Article I, Section 8, Clause 8: To promote the Progress of Science and useful Arts, by securing for limited Times to Authors and Inventors the exclusive Right to their respective Writings and Discoveries.
The way Congress has behaved since they passed the "Mickey Mouse Protection Act", one would think the clause read "To impede the Progress of Science and the useful Arts, by securing for indefinitely extendible Times to Commercial Interests and estates the exclusive Right to the Writings and Discoveries of Authors and Inventors."
In America the harmful effects are ironic, since they provide an argument for the unconstitutionality of the law. In Europe, it's just crony capitalism as usual.
Yes, the people have the right to opt out when the government changes the terms of the deal. Unfortunately, the only effective way of doing this is called a revolution (or if the people in a region want to opt out, secession, which tends to involve a war of independence).
Anyone care to go to the barricades (literally) to undo copyright maximalism?
I think this is for me the last straw. The corruption of copyright and patent law that began with the adoption of the name "intellectual property" for what had always been recognized as state-granted monopolies, and continued with the "Mickey Mouse Protection Act", and the issuance of patents on algorithms and business plans is now complete.
"Piracy" and willful patent and copyright infringement are now legitimate acts of civil disobedience against tyranny.
I'd come closer and closer to feeling that, but this really takes the proverbial cake.
Hoist the Jolly Roger in cyberspace and on the workroom floor until we go back to the terms of the Law of Queen Anne and the Statue on Monopolies of 1624! Everything else beyond that is fascist, crony-capitalist tyranny.
A proposal for harmonizing copyright and patent law
I've decided that the phrase "intellectual property" is an example of Newspeak, and except in quoting others or casting scorn on the notion that state-granted monopolies constitute "property", will not use the phrase henceforth.
As to harmonizing copyright and patent law, I have a simple proposal: let the whole world adopt as a uniform standard the Law of Queen Anne (14 years copyright, extendable at the request of the author, not the author's publisher, not a literary estate, the author, period, for another 14 years), and an update of the original modern patent law, the Statute on Monopolies of 1624.
Maybe Techdirt and those of us who post comments, except when quoting others, should stop using the phrase "intellectual property" entirely, or at least always include scorn quotes. The phrase has always been Newspeak, a phrase the very utterance of which is a lie in service of those on power.
What is called "intellectual property" is not property, but a government-granted monopoly. Yes, there is, perhaps, social utility in granting such a monopoly (the American Founders thought so, for a limited time, to authors and inventors), but it is still a government-granted monopoly.
Odd though it seems, to the extent that "Lady Gaga" can be said to have participated in artistic creation, it is primarily her image -- very much a work of artifice if not of art -- that she has created. That said, I think she is right in her intent to use copyright to grant herself exclusive rights to her image. This would not be the case for celebrities or persons in general whose image is not in itself a creative work.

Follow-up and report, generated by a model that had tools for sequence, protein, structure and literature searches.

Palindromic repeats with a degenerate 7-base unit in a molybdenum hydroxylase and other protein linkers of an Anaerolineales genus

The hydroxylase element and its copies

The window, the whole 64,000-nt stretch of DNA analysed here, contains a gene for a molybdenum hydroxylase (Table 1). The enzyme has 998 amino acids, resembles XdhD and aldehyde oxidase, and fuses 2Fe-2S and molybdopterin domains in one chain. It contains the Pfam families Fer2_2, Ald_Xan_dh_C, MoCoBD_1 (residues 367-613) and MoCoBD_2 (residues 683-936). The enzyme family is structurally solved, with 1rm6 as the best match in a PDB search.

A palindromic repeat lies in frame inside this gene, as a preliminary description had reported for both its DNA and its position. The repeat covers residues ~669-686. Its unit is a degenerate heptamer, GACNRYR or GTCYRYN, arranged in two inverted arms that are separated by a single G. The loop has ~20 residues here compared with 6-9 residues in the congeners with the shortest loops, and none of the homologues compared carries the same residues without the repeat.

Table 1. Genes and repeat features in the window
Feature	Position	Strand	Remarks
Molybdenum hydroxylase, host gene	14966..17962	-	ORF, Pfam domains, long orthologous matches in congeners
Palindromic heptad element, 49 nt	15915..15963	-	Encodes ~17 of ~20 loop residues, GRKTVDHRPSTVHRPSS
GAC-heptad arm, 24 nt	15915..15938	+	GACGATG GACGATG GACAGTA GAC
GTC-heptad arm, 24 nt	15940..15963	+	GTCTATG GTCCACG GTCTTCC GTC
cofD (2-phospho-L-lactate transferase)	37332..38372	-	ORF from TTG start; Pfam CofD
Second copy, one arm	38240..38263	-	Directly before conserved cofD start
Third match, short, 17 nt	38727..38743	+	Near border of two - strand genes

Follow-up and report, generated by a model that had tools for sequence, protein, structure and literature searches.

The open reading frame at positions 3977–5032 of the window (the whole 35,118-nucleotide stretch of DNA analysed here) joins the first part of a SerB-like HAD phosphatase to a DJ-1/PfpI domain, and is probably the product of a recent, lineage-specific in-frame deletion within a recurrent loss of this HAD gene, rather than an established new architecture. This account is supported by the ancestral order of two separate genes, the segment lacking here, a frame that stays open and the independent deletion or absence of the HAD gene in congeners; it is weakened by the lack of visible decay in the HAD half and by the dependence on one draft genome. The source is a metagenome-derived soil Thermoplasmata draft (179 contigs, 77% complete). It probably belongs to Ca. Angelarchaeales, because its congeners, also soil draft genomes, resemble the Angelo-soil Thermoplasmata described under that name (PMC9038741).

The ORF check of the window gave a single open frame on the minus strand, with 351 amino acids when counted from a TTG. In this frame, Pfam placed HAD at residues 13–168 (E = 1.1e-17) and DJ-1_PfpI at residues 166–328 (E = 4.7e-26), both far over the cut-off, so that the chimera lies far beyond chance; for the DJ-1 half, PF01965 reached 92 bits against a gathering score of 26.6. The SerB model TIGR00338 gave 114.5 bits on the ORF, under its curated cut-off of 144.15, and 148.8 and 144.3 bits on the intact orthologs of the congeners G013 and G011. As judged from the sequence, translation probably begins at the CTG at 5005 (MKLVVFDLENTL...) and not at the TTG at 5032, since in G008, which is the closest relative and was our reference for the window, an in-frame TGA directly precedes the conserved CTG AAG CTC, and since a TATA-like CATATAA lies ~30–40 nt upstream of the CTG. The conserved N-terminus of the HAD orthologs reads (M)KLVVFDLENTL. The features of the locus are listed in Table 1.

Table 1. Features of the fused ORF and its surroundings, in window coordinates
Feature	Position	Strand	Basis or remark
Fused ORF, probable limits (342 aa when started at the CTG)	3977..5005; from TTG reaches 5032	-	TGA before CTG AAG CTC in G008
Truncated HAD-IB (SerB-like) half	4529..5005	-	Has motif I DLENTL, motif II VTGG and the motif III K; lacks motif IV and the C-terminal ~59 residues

Can anyone explain to us why there is not already a high-profile 4th Amendment lawsuit lodged by any of the ACLU, a right-of-center pro bono legal organization, the Airline Pilots Association or some trade or industry group representing either business travelers or tourism, seeking an immediate injunction against these procedures as unreasonable searches without probable cause?
Alas, the SouthButt precedent in which American trademark judges proved the don't know neither the difference between a face and a butt nor the directions of the compass suggests that evil may triumph in this case as well.
Thor? Too cute by half. I hope you realize that while some folks who call themselves monotheists may be one-god pagans, the ones you really have to engage in debate agree with you that there are no beings of the sort pagans called "gods" (we Christians were persecuted by the Romans on the charge of atheism), rather, we are firmly convinced that the ground-of-all-being, while absolutely transcendent, and properly unlike anything in our ordinary experience, is in some improper way more like a person than any other sort of thing, and ought be related to personally.
If you want evidence for our position aside from the testimony of ancient texts, I would suggest that fact that the world is most well-described by mathematics suggests a kinship between the reason for existence and a mind.
Now, some of us are also firmly convinced on the basis of events in the ancient Near East, that the ground-of-all-being (the Existing-One as he named Himself in the ancient texts you so scorn) transcends the distinction between unity and multiplicity, being at once the One God and the All-Holy Trinity, went to the trouble of assuming our nature in the person of the Son to fix the rather wretched relationship we'd vis-a-vis that same ground-of-all-being we'd gotten ourselves into (the technical name for which is "sin"), and so forth. But that is neither here nor there in considering the proposition "In the beginning God created the heavens and the earth."
(Incidentally, I know you're not a Thor-worshipper. If you were you'd attribute the creation to Odin, Vili and Ve, who slew Ymir and fashioned the world out of his body. It's all there in the Eddas.)
Oh,dear I'm so depressed! We find an earthlike planet and then it's not there. The inhabitants must have blown the planet to smithereens with nukes just in time for us to see the planet before it was gone. The big filter is in the future, not the past, and we're all doomed!
I'm not actually serious. The real point is that the "100% certainty of life" on a planet is as silly a position as the one I feigned in the previous paragraph.